Bewkes: Subscription VOD Undermines Hollywood7 Mar, 2011 By: Erik Gruenwedel
Time Warner CEO Jeffrey Bewkes March 7 continued his assault on subscription-based video-on demand (VOD) services such as Netflix and Amazon (and separately kiosks), which he said could challenge Hollywood’s ability to make movies and TV shows.
Speaking at the Deutsche Bank Media and Telecom Conference in Palm Beach, Fla., Bewkes reiterated support for the Time Warner-coined “TV Everywhere” concept, which he said allows monthly pay-TV subscribers to access unlimited new and repurposed content on demand in the home and on portable devices no additional charge.
While Bekwes characterized “TV Everywhere” as the ultimate VOD business model, he said he considers Netflix and Amazon streaming (with $6.50 to $8 monthly fees) and $1 rental kiosks as distribution channels better suited toward economically less attractive content.
“If you look at what that [sub fee] can pay for, it is probably content that does not have a higher use in an earlier higher-value window,” Bewkes said. “I think the place for that much exposure of the product is in another time period.”
Indeed, only when Warner couldn't find a buyer for seasons of discontinued "Nip/Tuck" did it agree to license the series to Netflix for streaming.
With Warner Television and Warner Studios among the largest producers of original TV programming and movies, Bewkes said licensing content directly to subscription VOD on street date presents direct competition to current more lucrative revenue channels.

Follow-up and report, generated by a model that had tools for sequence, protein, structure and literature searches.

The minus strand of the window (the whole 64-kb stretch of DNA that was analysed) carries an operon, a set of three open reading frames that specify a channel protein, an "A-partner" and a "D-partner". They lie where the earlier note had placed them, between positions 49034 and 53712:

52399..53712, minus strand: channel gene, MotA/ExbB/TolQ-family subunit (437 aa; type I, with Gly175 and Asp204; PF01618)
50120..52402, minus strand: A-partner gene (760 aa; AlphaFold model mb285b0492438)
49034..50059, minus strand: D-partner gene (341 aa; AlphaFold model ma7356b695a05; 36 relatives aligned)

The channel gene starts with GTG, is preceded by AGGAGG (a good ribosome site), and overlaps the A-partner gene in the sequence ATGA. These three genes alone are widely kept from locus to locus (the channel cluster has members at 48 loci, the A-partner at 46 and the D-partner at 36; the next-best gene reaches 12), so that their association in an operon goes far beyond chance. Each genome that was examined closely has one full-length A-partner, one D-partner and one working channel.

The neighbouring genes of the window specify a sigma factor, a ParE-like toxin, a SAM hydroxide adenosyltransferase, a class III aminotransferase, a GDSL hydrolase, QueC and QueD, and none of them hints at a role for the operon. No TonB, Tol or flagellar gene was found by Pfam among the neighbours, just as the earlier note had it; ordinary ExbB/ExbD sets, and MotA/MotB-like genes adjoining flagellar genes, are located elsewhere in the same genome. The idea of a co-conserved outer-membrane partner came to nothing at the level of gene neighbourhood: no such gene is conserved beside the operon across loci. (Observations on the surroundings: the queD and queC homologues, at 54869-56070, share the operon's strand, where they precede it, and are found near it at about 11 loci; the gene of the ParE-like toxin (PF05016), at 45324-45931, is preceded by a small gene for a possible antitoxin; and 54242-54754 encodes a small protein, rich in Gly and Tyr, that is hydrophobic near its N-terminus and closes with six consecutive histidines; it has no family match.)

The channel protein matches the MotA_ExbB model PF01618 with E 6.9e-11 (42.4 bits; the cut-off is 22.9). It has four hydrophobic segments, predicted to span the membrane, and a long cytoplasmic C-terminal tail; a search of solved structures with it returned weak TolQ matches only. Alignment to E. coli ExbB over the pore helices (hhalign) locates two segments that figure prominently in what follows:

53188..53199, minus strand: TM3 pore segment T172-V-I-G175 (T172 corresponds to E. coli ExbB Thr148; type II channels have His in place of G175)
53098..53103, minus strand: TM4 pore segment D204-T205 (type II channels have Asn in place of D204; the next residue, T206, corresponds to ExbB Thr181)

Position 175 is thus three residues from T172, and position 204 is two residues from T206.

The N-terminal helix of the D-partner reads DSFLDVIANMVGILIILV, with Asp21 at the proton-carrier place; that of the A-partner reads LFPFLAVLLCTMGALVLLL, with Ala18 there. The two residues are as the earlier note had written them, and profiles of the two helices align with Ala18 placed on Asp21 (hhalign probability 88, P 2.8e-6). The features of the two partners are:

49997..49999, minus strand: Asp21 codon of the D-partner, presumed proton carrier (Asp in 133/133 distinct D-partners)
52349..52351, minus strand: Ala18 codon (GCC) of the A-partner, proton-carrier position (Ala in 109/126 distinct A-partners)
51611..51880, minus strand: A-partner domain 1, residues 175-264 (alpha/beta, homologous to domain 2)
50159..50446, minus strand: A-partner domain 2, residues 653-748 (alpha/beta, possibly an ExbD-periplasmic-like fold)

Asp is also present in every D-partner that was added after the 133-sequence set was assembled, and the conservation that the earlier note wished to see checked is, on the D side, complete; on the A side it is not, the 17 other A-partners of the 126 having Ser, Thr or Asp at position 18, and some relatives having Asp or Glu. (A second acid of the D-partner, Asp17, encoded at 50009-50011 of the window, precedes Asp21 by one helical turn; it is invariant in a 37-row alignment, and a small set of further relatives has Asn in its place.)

“If you are selling movies for $14 a DVD and renting them for $3 or $4 a night, you don’t do the same thing for a buck a night, or all you can eat in the same window,” he said. “You move that window back. I think that is the place for subscription VOD.”
Bewkes said cable, satellite and telecommunication operators maintain Hollywood’s status quo, which includes pay-TV, ad-revenue and multiple payer (subscriber) revenue streams.
Online distributors, by comparison, don’t offer multiple revenue streams, the CEO said. Media companies are increasing facing challenges trying to figure out how much of their programming they want to sell directly to third parties and how much they want to give it to third-party subscription aggregators that essentially devalue the product.
“You have to remember that [the streaming] model does not pay to support the infrastructure [to make content],” Bewkes said.
He said that as the market fills with start-up digital services clamoring for content, license deals would reflect the difference between a start-up versus a service (such as Amazon) with embedded subs that “frankly came from another business, which is mail order. “